11 Characteristics of Church Pessimists

Yesterday I preached in this shirt…

180608_Male_Stay_positive_H_metal_529a829f-c19d-42b9-8f8f-584fd236ed45_590x

I wanted to send a visible message to our congregation that one of the ways we Christians can stand out in today’s world of increasing negativity is to be a source of positivity.  And who has more reason to “stay positive” than the redeemed children of God whose Savior has conquered death?

I also wanted to encourage our congregation to “stay positive” because we are in a season of transition, and in seasons like that it can be very tempting for some to turn negative.  And the sad reality is that churches are filled with pessimists.

Awhile back, church strategist Chuck Lawless published two lists of characteristics of church pessimists.  I am posting his first list today, and I’ll post his second list on Wednesday.  I hope you’ll take the time to read through Chuck’s lists because they make each of us more aware of attitudes and postures we should avoid.

11 Characteristics of Church Pessimists

  1. You assume the worst about most people and situations. Even if everything sounds good, you assume there’s some ulterior unspoken motive.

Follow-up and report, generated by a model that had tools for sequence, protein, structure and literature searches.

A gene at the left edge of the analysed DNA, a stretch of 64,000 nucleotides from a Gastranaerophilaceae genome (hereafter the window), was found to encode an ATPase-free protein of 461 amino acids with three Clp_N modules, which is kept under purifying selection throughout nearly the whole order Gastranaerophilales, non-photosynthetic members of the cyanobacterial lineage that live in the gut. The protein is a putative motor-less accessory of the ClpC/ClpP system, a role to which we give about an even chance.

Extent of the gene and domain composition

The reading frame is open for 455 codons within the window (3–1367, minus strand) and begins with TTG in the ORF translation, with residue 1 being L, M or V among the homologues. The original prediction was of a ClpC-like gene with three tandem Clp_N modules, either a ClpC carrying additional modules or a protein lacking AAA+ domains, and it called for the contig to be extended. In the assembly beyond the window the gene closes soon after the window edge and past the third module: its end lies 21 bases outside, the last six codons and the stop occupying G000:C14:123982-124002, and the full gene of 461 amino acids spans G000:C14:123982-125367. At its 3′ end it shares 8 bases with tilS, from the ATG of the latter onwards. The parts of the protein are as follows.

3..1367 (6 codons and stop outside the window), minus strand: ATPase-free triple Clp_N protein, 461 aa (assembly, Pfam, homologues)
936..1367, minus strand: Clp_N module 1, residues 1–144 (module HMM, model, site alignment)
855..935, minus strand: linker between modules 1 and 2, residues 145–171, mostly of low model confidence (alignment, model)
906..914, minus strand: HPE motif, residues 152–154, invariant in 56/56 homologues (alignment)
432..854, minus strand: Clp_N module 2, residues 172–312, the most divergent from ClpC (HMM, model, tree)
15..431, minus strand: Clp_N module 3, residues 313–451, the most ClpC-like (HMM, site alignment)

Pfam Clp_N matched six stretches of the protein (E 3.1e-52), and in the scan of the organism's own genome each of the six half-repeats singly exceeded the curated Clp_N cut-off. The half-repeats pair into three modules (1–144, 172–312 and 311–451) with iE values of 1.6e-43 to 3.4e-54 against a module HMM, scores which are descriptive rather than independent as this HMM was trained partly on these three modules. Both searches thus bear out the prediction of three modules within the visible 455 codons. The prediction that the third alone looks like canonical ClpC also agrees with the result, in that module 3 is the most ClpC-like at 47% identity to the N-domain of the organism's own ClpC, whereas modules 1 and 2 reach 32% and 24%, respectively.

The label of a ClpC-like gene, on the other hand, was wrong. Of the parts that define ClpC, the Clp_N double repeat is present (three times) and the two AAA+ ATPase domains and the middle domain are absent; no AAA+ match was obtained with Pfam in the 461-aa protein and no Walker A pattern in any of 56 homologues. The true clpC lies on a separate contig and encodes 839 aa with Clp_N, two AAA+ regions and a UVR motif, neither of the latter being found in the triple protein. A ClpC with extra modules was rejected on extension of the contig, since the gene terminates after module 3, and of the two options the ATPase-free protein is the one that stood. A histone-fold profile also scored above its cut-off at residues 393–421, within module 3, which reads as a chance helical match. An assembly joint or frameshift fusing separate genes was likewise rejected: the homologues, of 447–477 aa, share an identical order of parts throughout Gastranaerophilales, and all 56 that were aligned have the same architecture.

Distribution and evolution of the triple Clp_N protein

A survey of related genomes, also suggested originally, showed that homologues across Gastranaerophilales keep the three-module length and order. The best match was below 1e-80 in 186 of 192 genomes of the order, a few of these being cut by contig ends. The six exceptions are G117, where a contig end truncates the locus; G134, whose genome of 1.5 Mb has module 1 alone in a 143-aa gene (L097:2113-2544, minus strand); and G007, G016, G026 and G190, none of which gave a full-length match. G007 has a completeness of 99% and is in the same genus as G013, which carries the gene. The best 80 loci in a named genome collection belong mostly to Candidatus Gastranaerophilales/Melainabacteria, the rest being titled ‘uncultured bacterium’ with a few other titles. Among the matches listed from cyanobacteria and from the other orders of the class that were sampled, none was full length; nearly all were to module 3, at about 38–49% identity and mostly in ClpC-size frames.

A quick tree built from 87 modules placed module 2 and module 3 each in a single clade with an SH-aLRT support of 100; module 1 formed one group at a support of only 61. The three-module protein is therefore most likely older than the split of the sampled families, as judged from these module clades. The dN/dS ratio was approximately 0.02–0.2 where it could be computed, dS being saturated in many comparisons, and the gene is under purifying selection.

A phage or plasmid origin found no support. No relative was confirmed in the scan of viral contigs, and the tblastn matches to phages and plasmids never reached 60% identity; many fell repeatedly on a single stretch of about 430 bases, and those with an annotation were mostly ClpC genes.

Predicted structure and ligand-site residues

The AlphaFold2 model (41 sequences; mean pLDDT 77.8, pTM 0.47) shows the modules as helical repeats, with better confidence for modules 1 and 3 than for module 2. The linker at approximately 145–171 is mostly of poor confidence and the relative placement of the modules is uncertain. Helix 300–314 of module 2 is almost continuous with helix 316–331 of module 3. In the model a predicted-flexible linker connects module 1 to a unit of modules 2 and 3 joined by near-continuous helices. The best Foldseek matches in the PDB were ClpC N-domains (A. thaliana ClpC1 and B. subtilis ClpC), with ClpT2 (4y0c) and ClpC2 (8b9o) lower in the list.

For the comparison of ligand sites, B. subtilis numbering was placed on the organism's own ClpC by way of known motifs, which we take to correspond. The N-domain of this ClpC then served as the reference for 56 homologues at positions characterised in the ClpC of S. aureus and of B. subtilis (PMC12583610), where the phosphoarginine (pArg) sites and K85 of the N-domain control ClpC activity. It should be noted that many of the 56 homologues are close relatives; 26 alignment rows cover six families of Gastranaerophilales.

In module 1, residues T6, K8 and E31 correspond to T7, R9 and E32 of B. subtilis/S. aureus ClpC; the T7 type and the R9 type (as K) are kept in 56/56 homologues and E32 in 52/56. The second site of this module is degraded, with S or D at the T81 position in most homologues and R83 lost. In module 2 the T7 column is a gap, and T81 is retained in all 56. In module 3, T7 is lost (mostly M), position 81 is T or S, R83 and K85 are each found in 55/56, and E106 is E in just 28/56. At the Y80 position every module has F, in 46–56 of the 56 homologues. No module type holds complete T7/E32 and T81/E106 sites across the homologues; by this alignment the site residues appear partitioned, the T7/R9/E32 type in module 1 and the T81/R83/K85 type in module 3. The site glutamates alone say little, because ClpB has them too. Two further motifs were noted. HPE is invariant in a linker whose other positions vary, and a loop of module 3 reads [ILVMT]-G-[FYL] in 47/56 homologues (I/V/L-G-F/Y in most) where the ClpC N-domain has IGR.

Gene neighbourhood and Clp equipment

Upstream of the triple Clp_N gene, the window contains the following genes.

2. You see only the negative. You may think you’re the only one in the room who sees reality (at least as you see it), but you never see any positive.
  3. Everything is negative unless it’s your idea. If it’s your idea, though, it’s all positive.
  4. Every sentence has a “but”. . . .  Even a sentence that begins with “I really like that idea” still continues with a “but here’s the problem I see.”
  5. You see yourself as a realist, not a pessimist. I don’t know anyone who considers himself or herself a pessimist.
  6. Optimists bug you. In your opinion, they live in the clouds.
  7. You see everyone else around you as pessimists. In many cases, they’re actually modeling you—but you don’t recognize it.
  8. You continually point out the difference between “faith” and “foolishness.” You’re more concerned about crossing the line into foolishness than you are about walking by faith.
  9. Prayer is not easy. That’s because genuine prayer requires looking forward with hope and trust and confidence.
  10. Your friendships don’t typically last long. Even brothers and sisters in Christ aren’t interested in hanging around you for long – but your tendency is to blame them.
  11. This post bugs you. To be honest, portions of this post bug me, and I wrote it! I, too, can be a pessimist at times. Please pray for me.

What other characteristics come to mind?

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